And he is us.
As I was studying this week’s Torah portion with a friend of mine, our conversation wandered to that most revealing of all Torah commentaries, the original series of Star Trek. In one of the classic episodes, “The Enemy Within,” which was broadcast during the 1966 series of the show, a transporter malfunction causes Captain Kirk to return to the Enterprise split into two personalities, his “good” side and his “evil” side. The moral message of the episode is pretty truistic stuff: that both sides of Kirk, like both such sides of ourselves, have to be integrated to make him truly whole, is a very important idea, yet it is hardly original.
We drifted off into this bit of “Star Trek Torah” because of a teaching we found in the Hasidic Torah commentary, Netivot Shalom, written by the Slonimer Rebbe, Rabbi Shalom Noach Beresovsky. Rabbi Beresovsky deals with this same theme of personality integration in this week’s Torah portion, Toledot, specifically the brief segment about Rebecca’s existential turmoil which is brought on by her painful, turbulent pregnancy: (Genesis 25:22-23)
But the children struggled in her womb, and she said, “If so, why do I exist?” She went to inquire of the Lord, and the Lord answered her:
Two nations are in your womb,
Two separate peoples shall issue from your body.
One people shall be mightier than the other,
And the older shall serve the younger.
Rebecca is suffering so much pain and discomfort that she begins to question the value of being alive. The classic comment on this biblical scene comes from our teacher Rashi, who explains that Rebecca’s pain was the result of her twins, Jacob and Esau, struggling to leave her womb when she would pass by the places for which each boy was predestined. When she would walk near a house of idol worship, Esau, the evil first born twin, would kick her fiercely, out of his desire to worship idols. When she would walk near a house of Torah study, Jacob, the good second-born twin, would kick her fiercely, out of his desire to learn God’s Torah. Both boys would also fight one another over who would inherit the riches of this life and the next life. Rebecca had no idea this was the meaning of her suffering, so she despaired that she had ever prayed to God for children. Rashi’s imaginative comment emphasizes the ways in which Jacob and Esau were viewed over many centuries as the paradigms for the Jewish people and our enemies, specifically the Christian world. We children of Jacob might be oppressed and persecuted, but we worship the one true God and God’s Torah. The children of Esau might be more powerful and numerous, but they are spiritually corrupt idolaters whom God hates.
Netivot Shalom removes Rebecca, Esau and Jacob from the realm of mortal fraternal conflict and transforms them into symbols for our inner struggles with yetzer ha-ra and yetzer tov, our warring evil and good impulses. Rebecca’s ordeal becomes a physical manifestation of her inner turmoil, which is the result of her “Jacob impulse” and her “Esau impulse” fighting with each other. They are also warring within each of us whenever we are forced to choose between our better selves and our baser instincts. In Netivot Shalom’s symbolic reworking of the story, every human being is like Rebecca, daily giving birth to these two “children.” When God tells Rebecca that “the older shall serve the younger,” God is actually promising her and us that our inner Esau can be subdued and subjugated to our inner Jacob.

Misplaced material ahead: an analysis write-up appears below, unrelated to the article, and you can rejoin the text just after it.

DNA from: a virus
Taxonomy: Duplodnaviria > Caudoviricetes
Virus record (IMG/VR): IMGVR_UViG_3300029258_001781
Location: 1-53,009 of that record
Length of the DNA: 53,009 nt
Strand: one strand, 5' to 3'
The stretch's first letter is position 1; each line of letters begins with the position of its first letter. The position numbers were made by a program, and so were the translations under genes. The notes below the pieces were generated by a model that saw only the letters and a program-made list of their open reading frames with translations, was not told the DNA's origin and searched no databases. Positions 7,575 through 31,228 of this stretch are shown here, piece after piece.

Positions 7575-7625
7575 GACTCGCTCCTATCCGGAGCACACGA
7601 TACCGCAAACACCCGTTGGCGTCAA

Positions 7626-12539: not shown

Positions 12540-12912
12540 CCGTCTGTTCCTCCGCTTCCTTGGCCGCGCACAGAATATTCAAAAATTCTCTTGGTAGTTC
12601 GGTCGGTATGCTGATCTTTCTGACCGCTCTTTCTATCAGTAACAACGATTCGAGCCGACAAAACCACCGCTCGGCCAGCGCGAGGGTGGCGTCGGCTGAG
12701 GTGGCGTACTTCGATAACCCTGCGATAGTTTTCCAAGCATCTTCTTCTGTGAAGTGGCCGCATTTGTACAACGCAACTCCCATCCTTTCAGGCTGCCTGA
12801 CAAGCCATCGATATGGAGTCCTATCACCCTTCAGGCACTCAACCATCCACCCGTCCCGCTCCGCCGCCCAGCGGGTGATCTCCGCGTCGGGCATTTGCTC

This is a pleasant — but also somewhat clichéd — moral reinterpretation of our early biblical narrative concerning Jacob and Esau. Yet what I find refreshing about Netivot Shalom’s comment is his willingness to depart from more standard interpretations and to redirect the Esau-Jacob conflict inward. He challenges us to not take the easy way out in our understanding of what that conflict has to teach us today. Our ancestors read our battles with Christendom and later, by extension, with Islam through the lenses of the two brothers’ pre-natal battles. According to the rabbis of ancient times, Esau symbolized the Roman Empire, and later, Christianity.
Later medieval rabbinic thinkers in Muslim societies linked Esau with Yishmael, Isaac’s brother, the founder of Arab culture, as a kind of dynamic duo of oppression. They used these stories of Jacob, Esau, Isaac and Yishmael, to give Jewish suffering some kind of redemptive spiritual meaning, in order to reassure their fellow Jews that God was with the Jewish people, especially when we were being persecuted by Christians and Muslims. Yet Esau as a symbol is too easily used in our times as a facile, convenient excuse to assume that anyone who is your enemy can never be anything but your enemy, forever. This fatalistic posture allows us to ignore our own Esau dimensions, the darker parts of ourselves that we might defensively dismiss in the course of protecting ourselves from the genuine enemies who seek to destroy us. Also, by idealizing Jacob, who was himself not always innocent throughout the story of his life, we further warp our capacity for self-criticism, resulting in a moral myopia that prevents us from looking at and taking responsibility for our own breaches of good conduct.
At the end of the Torah portion, Rebecca urges Jacob to leave their home before Esau tries to murder him. She says, “Why should I be bereaved of both of you in one day?” Using Jacob and Esau as religious paradigms to reinforce rigid lines of us versus them makes us blind to the real people residing sometimes behind enemy lines and to the enemies sometimes residing within our own safe physical and emotional boundaries. Won’t this kind of thinking ultimately lead us into the worst kind of bereavement possible?